HB Pencils

I have a fairly extensive collection of pencils and as it turns out, quite a few fall into the vintage category. In fact, I have so many I can’t cover them all in one blog so this week I will focus on my HB pencils. In the United States they call this a #2 pencil but for everywhere else in the world pencils are graded on a scale from Hard (H) to Black (B). The softer the pencil, the blacker the mark. HB pencils fall right in the middle. This all sounds very standardized but actually there is a difference between the various HB pencils I own.


Berol Turquoise – This Canadian made pencil is a vintage one as I don’t believe there are any more Canadian pencil factories. The Berol company goes way back to 1856 when a Bavarian immigrant to the US, Daniel Berolzheimer, founded the “Eagle Pencil Company”. Much later on (1969) the company changed its name to a shortened form of Berolzheimer but the family connection ended in 1987 when there was no 6th generation successor. I love the turquoise colour with the silver ferrule. I found that this was one of the darker HBs.                                 20170709_Dixon.jpg

Dixon Ticonderoga – This is another old American company. It was founded by Joseph Dixon who in 1873 bought the American Graphite Company based in Ticonderoga, New York. This classic yellow painted pencil was launched in 1913. It seems to me that all the pencils we used in school were yellow and this one is probably meant for a student because of the pink eraser on the end. I have a soft spot for this company because at one time they had a factory in Canada and when I had a job acquiring furnishings for the Ukrainian Cultural Heritage Village around 1990 they kindly donated some unpainted pencils that we were able to use in our school house.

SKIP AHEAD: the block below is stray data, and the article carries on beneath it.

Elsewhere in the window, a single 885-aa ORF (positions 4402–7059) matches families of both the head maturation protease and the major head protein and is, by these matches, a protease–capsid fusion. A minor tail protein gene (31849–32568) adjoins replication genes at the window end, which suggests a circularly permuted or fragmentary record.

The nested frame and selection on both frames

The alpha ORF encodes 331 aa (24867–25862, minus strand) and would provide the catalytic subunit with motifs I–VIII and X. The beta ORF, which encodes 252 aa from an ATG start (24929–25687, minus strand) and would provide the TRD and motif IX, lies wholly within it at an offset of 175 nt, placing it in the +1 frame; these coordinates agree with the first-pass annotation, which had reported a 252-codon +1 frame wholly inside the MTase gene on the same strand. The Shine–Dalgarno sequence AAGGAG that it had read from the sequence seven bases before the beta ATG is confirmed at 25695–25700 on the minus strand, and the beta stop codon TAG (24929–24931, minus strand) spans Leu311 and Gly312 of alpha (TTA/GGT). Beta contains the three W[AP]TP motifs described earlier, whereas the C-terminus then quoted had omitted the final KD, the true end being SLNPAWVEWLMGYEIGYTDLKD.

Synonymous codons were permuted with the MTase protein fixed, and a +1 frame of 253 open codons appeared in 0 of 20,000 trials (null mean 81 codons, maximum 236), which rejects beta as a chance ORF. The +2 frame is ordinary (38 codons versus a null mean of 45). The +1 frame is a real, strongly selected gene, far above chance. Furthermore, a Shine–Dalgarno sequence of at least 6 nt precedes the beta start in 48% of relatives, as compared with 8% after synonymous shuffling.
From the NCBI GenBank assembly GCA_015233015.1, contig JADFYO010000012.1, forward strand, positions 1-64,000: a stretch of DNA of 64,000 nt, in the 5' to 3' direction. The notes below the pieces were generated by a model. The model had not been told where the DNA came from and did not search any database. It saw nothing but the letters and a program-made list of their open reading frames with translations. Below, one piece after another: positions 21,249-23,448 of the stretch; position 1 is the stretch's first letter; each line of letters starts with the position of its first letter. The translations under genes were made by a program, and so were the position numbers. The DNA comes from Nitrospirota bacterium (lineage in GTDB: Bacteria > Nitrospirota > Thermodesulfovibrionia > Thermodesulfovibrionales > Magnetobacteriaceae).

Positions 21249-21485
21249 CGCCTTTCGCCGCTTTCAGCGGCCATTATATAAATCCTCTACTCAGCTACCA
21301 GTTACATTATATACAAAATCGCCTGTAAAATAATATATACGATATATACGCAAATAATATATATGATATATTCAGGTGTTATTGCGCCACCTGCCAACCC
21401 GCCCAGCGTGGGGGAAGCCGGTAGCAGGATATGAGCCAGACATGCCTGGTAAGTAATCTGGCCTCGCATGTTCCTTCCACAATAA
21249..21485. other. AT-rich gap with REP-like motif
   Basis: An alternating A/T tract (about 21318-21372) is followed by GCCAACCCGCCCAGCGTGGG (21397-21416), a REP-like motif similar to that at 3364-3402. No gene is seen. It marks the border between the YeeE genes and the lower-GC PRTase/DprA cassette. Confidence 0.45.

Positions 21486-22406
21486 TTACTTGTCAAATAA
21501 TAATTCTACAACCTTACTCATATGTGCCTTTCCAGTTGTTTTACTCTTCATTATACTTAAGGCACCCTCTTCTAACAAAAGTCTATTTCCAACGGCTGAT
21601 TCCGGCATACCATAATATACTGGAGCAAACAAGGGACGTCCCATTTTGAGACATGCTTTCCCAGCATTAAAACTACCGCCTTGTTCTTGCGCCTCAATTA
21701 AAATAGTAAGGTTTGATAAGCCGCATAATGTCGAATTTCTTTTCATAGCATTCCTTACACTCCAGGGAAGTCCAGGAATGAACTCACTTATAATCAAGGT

Koh-I-Noor Toison D’Or – Koh-I-Noor pencils are made by the Czech Hardtmuth company, founded in 1790 by Joseph Hardtmuth of Austria. I consider this an art pencil but of course it could be used for writing too. Pencils are versatile that way. 


O’BON – This is a unique pencil with a body made from recycled newspaper rather than wood. It was purchased at a local store called Carbon. Not only does recycled newspaper save trees, the company claims it also protects the lead from breaking. I think it is cool how you can see the colour variation when it is sharpened in the part between the lead and the paint.      


Staedtler – Staedtler is another old pencil company, founded in 1835. It may not be made from recycled newspapers, but the wood is from certified, sustainably managed forests. I have two Staedtler HBs, the Norica 13246 (blue) and the Tradition (black and red). The Tradition is their higher quality line but I don’t notice a significant difference. In fact, I find the Norica a bit darker and it has a handy white eraser on the end.                             


Venus – The Venus was originally made by the American Lead Pencil Company but that company was eventually taken over by Faber-Castell. This vintage pencil was made in the US and despite its unassuming appearance, I find it one of the nicer pencils to actually use and it has a handy pink eraser.

The word “pencil” comes from the Latin penicillus meaning a “little tail”, so I think if a pencil was a person he would be a man. Tall and skinny, he is a bit old-fashioned and don’t let the bright coloured suit fool you, he is no dandy. He changes his mind easily so whether you think that makes him open-minded or wishy-washy is up to you.